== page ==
I needed to attend a rehearsal Sunday afternoon for a show that might be entertaining if we rehearsed a whole lot more. I walked into the theater, which was cold enough to freeze marshmallows solid. Really, Mr. Wizard could do science experiments in there. I looked at my bundled buddies while goose bumps the size of Chicklets rose on my arms, and one said, “The air conditioner’s stuck. Didn’t you get my text?” I felt myself begin to fade out of the chain of human discourse, which was good because it distracted me from my body’s spastic shaking as it battled hypothermia.

After rehearsal I emerged into the grateful 60 degree sunshine. I looked around for my car, which was gone. Well, it might not have been gone. Gnomes might have shrunk it to the size of a June bug, just for fun. Barring that possibility, it was gone. I looked at my buddies, and one said, “We have to park around back today. I posted it on the e-group. You probably got towed.” I borrowed his phone and called the towing company. They gave me their address and told me I could get my car back for approximately the cost of two iPhones. I asked one of my friends to drive me, and I thanked providence that he had a phone with mapping capabilities. I could see myself walking into a gas station to buy a city map, and the clerk looking at me as if I’d asked for a flint knife.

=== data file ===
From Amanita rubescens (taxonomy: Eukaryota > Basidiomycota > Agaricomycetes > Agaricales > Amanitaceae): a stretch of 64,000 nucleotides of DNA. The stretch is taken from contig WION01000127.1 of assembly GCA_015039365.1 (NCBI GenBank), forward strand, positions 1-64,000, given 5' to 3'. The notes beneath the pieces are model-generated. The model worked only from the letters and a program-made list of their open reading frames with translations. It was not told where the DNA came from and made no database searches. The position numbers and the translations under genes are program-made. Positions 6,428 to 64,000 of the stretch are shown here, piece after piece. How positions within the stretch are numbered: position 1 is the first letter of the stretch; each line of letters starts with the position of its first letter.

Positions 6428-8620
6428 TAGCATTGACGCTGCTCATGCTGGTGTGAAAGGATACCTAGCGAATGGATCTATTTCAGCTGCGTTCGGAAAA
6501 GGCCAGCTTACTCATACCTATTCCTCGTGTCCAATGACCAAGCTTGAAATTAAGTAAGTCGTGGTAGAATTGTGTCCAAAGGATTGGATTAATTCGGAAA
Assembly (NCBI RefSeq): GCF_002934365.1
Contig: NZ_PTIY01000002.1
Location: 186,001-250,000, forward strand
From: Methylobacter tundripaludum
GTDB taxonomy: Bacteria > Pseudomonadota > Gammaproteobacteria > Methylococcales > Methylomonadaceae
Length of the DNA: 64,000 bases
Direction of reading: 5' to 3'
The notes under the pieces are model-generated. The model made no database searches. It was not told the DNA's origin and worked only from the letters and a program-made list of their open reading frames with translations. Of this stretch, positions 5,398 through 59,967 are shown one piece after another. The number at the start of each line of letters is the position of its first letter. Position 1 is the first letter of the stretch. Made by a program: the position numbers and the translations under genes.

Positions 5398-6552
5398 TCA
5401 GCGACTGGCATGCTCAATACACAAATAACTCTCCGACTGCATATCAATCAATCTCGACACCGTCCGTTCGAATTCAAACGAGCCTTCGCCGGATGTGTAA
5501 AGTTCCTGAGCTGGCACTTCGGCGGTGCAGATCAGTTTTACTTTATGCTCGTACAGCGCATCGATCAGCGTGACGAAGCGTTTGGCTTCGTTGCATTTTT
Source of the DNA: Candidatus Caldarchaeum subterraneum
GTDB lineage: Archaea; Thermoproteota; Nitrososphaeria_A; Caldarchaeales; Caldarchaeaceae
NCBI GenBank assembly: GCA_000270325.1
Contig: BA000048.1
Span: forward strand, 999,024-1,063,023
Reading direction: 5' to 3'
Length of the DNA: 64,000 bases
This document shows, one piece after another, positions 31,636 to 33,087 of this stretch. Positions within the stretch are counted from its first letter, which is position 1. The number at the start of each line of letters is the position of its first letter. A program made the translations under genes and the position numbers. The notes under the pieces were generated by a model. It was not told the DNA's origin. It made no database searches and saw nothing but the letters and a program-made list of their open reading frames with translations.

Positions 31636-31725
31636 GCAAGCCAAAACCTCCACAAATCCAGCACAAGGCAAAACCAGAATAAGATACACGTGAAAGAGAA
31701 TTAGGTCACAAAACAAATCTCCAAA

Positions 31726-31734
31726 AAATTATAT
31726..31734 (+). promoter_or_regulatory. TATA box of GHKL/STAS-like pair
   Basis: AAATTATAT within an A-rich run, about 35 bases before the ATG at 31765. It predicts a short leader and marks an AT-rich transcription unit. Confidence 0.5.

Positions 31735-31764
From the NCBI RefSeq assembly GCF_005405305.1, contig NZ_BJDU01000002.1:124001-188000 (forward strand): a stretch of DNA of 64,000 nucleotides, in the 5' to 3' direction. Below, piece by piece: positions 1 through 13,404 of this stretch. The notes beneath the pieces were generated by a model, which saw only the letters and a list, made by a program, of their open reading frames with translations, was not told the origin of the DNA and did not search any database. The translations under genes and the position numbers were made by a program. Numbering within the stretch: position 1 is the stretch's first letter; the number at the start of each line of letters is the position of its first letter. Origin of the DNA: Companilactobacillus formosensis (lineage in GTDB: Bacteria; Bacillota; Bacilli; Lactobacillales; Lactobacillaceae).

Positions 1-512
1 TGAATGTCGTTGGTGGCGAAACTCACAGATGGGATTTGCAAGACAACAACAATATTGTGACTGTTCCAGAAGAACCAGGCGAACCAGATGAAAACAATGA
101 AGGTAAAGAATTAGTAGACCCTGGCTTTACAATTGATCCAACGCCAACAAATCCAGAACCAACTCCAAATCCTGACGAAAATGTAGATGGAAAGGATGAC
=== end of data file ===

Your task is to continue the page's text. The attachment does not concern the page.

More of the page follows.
I rescued my poor Accord and drove home. The phone handset in the kitchen was blinking with fervor, and I checked five messages, one from the drug store and four from my wife wondering what the hell was wrong. I called her, and she explained her concerns. Had I been in an accident? Had I dropped my phone in the toilet? Had the refrigerator fallen on me? She’d left three voice mails and then texted five times. She had checked Facebook and sent me a Google chat. Nothing. What was wrong with me? I felt myself drop further out of existence as I explained abandoning my electronic links to the world in Lubbock, as if they were worn out tires. She said she understood, but I could tell that she’d been shaken.